Treebeards Shrimp Etouffee Recipe
Legendary Recipe From a Legendary Restaurant
Treebeards is a legendary restaurant in Houston. What started in 1978 as a small lunch café serving downtown workers has grown into a five-location favorite with an almost fanatical, cult-like following.
It's no wonder the restaurant has found so much success. The menu features Cajun, Creole and Southern home-cooking favorites such as gumbo, boudin, fried chicken and red beans and rice, all made from scratch daily. The combination of the restaurant's downtown location, delicious food, casual atmosphere and fair prices proved so successful that within two years, the owners saw the necessity of moving to a larger location, which they found in downtown Houston's second-oldest building, the circa 1861 Baker-Meyer Building. Treebeards still occupies this location today.
Not long after moving to the larger location, the restaurant opened a second location within the Cloisters of downtown Houston's historic Christ Church Cathedral, which was founded in 1839 and is the oldest church in Houston that is still holding services in its original location. Three more locations were added over the years, also serving Houston's sprawling downtown, which is densely populated with workers each weekday.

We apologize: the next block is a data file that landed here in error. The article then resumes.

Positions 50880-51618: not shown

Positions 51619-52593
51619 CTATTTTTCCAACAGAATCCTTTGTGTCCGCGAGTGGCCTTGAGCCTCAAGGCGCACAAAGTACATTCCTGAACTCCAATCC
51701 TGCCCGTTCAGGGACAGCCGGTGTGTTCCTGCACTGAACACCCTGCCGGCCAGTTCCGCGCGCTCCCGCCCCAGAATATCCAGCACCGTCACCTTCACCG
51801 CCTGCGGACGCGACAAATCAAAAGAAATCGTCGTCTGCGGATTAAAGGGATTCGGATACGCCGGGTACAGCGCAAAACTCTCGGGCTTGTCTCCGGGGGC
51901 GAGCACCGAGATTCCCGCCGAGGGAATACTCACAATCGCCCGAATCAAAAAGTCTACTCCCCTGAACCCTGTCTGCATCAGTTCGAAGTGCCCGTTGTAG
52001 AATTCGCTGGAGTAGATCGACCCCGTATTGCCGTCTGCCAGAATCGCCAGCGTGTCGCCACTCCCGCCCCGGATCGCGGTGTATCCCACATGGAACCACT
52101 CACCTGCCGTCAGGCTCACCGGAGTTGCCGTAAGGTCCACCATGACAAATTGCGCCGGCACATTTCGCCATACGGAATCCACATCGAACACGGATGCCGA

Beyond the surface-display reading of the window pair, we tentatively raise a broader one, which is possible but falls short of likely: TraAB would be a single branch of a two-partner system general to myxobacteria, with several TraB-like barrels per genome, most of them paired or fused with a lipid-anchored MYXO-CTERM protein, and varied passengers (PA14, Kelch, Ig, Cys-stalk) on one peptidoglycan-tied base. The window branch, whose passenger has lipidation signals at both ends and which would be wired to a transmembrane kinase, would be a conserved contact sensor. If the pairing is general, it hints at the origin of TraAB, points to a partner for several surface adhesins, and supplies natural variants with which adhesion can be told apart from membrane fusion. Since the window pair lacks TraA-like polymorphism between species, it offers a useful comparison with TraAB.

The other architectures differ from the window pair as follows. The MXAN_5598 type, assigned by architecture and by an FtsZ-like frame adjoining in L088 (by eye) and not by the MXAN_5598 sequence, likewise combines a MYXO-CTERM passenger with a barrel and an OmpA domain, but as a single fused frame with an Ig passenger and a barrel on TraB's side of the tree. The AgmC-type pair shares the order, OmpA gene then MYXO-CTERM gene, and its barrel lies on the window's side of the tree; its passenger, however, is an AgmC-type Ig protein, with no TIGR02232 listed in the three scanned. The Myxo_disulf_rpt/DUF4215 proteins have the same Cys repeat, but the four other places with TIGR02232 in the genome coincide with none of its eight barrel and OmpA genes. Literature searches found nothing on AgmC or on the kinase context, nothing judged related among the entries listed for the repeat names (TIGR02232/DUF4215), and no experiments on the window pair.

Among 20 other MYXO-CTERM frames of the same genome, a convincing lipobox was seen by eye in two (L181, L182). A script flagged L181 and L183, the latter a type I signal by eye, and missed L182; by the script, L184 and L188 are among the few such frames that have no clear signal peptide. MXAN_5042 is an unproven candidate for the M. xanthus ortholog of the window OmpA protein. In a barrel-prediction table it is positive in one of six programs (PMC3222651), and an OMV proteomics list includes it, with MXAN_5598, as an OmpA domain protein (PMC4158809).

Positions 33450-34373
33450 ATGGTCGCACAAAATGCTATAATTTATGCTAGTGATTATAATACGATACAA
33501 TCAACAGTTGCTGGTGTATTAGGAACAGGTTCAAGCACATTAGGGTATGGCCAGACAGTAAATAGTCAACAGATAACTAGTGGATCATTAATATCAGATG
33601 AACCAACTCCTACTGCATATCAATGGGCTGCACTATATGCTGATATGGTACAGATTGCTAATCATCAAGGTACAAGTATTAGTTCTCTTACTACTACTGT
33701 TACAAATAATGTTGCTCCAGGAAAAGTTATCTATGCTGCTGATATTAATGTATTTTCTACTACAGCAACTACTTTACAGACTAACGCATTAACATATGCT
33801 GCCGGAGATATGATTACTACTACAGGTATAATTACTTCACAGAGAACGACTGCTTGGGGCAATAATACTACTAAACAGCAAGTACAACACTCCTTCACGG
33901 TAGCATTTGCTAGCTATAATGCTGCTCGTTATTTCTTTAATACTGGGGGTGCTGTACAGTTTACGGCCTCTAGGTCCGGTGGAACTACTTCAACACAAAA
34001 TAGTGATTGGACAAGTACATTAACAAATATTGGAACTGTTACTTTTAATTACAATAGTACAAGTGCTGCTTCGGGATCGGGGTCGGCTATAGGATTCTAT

Despite the restaurants' terrific success, original owners Dan Tidwell and Jamie Mize never sold out to a corporate chain. After more than 30 years of operation, when they decided to sell their small dynasty, they chose a pair of long-time Treebeards managers to become the new owners, enabling this beloved institution to remain locally owned by two Houston restaurateurs rather than by an impersonal corporate conglomerate.
Having lived in Houston during the late 1980s and early '90s, it was my pleasure to dine at Treebeards many times. I was very pleased when Tidwell allowed the Houston Chronicle to reproduce his restaurant's recipe for shrimp etouffee in their food section. My husband and I clipped the recipe from the paper immediately—yes, we cut the actual newspaper with actual scissors, as this was so long ago the internet did not yet exist.
We have made this shrimp etouffe many times over the years, and whether we serve it on a chilly New Year's Eve, snowy Super Bowl Sunday or during a summer crawfish boil, it is always a hit. Buttery, oniony, salty, just a bit spicy and filled with shrimp, this etouffee is rich and wonderful, yet at the same time deliciously light. I am so grateful that Mr. Tidwell shared his recipe with the public, and I feel extremely fortunate to have somehow managed to hang onto the small slip of yellowing newspaper we clipped from the newspaper so many years ago.